You won't want to play Rock Band on your own though. The single-player modes are fine next to Guitar Hero's or SingStar's, but they're shallow compared to the main event, Band World Tour. You and up to three friends create rock personas, picking out faces and customising physique with slider bars, and then you get to name your band. We spent at least half an hour debating this before we even started playing.
With that out of the way, you start playing small venues, one song at a time with the occasional two- or three-song set-list. The set-list concept works well, allowing you to pick from songs you've already unlocked, or downloadable content (Jonathan Coulton's "Still Alive" from Portal is free, incidentally, so grab that by default), while mystery set-lists give you a glimpse of tracks buried deeper in the game, including some of the nine songs added to the PAL version (which US gamers have to pay to download).
Playing with your friends takes a while (and a good bit of alcohol, you'll probably discover) to demonstrate its charms, but points-scoring intensifies when you go into Overdrive as a group, and it's possible to rescue band-members who get booed off by going into Overdrive quickly, so errors and inexperience aren't always fatal. Before long your drummer's juggling his wooden sticks and counting you in, the guitarist is stomping around the room during solos and the singer's able to pop to the fridge between verses, and a number of songs end on a climactic passage where you can scream, jam and hammer the drums without restraint before hitting a final note to end the song with a big rock climax bonus. There won't be too many songs you don't know, either. I'm generally considered a musical dunce in the office, but even I knew the words to around 20 songs, and recognised another dozen.
That said, you will come up against a few brick walls. The inclusion of two French and two German songs in the PAL extras, which pop up during mystery set-lists, is a nightmare for your lead singer, and set-lists require you to play through each song on the list at the difficulty you specified prior to the performance. If you end up with a third song you've never heard before, or something tricky like Smashing Pumpkins' "Cherub Rock" or The Who's "Won't Get Fooled Again", your previously cocksure guitarists and drummers may come unstuck in ways they haven't with other tracks at the same difficulty, forcing you to abandon the gig and retry from the beginning at a lower setting. And while the game fills out your band with made-up nobodies when you're down a member or two, some tracks are unsympathetic to duos; Aerosmith's "Train Kept A-Rollin'", for instance, traps the singer in a lengthy tambourine sequence while the guitarist struggles with a massive solo, and if the guitarist gets booed off there's no opportunity for the singer to save him with a stored Overdrive until it's too late.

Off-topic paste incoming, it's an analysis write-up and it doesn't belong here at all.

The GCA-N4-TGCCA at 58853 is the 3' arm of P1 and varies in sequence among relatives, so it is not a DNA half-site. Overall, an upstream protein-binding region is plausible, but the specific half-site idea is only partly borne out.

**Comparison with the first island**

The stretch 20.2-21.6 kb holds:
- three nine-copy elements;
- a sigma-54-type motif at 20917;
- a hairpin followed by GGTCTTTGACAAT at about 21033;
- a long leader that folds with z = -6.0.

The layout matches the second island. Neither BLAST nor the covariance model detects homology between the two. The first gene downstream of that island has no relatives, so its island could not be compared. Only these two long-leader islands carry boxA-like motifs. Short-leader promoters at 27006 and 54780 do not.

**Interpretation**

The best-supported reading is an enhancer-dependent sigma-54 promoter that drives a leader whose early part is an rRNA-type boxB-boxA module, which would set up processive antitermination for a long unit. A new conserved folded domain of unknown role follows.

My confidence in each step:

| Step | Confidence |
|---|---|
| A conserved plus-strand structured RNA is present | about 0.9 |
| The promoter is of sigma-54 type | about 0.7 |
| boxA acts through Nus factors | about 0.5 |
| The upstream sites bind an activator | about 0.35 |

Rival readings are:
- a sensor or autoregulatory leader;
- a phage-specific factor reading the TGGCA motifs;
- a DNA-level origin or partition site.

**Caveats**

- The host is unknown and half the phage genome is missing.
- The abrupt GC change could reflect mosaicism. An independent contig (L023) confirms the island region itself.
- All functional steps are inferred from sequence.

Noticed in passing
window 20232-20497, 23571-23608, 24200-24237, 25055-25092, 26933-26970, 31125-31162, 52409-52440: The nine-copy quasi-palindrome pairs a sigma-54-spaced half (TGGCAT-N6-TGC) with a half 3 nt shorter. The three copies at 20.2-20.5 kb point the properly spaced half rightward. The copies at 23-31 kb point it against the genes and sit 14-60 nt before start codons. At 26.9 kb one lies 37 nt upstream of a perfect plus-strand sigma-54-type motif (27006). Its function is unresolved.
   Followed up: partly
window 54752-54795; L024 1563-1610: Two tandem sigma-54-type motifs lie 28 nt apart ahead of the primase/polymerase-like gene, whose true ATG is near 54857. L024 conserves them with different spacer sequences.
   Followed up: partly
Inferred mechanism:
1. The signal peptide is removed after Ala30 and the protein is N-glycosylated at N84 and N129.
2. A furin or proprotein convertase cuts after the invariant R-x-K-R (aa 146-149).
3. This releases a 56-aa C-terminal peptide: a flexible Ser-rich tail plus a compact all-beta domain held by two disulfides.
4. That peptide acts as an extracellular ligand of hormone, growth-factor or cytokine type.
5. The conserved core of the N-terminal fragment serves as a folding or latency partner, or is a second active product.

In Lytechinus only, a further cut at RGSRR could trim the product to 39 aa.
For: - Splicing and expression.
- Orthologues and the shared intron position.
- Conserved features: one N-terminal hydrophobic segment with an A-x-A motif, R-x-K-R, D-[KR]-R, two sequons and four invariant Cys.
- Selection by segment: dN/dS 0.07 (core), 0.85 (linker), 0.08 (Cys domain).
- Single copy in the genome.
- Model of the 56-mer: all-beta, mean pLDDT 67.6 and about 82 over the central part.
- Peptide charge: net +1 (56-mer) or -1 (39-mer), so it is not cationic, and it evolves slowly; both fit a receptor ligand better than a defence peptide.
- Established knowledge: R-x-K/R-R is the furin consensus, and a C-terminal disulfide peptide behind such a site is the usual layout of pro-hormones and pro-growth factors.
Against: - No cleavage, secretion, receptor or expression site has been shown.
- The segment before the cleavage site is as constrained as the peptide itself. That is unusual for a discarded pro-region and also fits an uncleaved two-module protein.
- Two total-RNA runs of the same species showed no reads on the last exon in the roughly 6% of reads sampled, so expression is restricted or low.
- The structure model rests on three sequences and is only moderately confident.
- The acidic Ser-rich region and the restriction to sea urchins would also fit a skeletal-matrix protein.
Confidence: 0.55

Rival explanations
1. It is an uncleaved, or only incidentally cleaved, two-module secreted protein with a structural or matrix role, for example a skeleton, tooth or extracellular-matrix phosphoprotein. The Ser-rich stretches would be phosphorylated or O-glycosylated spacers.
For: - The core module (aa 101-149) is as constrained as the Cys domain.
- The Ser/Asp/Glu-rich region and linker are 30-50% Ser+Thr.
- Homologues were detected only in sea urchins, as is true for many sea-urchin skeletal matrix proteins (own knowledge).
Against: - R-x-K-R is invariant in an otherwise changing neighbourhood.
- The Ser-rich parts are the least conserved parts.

Guitarists may also struggle with the Fender's strum-bar and solo frets. It's not just that we're used to RedOctane's clicking Guitar Hero strum-bar, although we are; the soft strumming of the Stratocaster makes it difficult to work out exactly when you're activating a note, leading two of Eurogamer's best Guitar Heroes to suspect calibration problems until they switched back to GH3's Gibson Les Paul, at which point the problem disappeared. And while the solo frets are a neat idea, moving your hand between them and the regular frets at speed generally results in at least a couple of missed notes or, worse, having to glance down at the guitar neck to reposition fingers. You don't see Slash doing that - although admittedly you wouldn't notice anyway because of his stupid hair.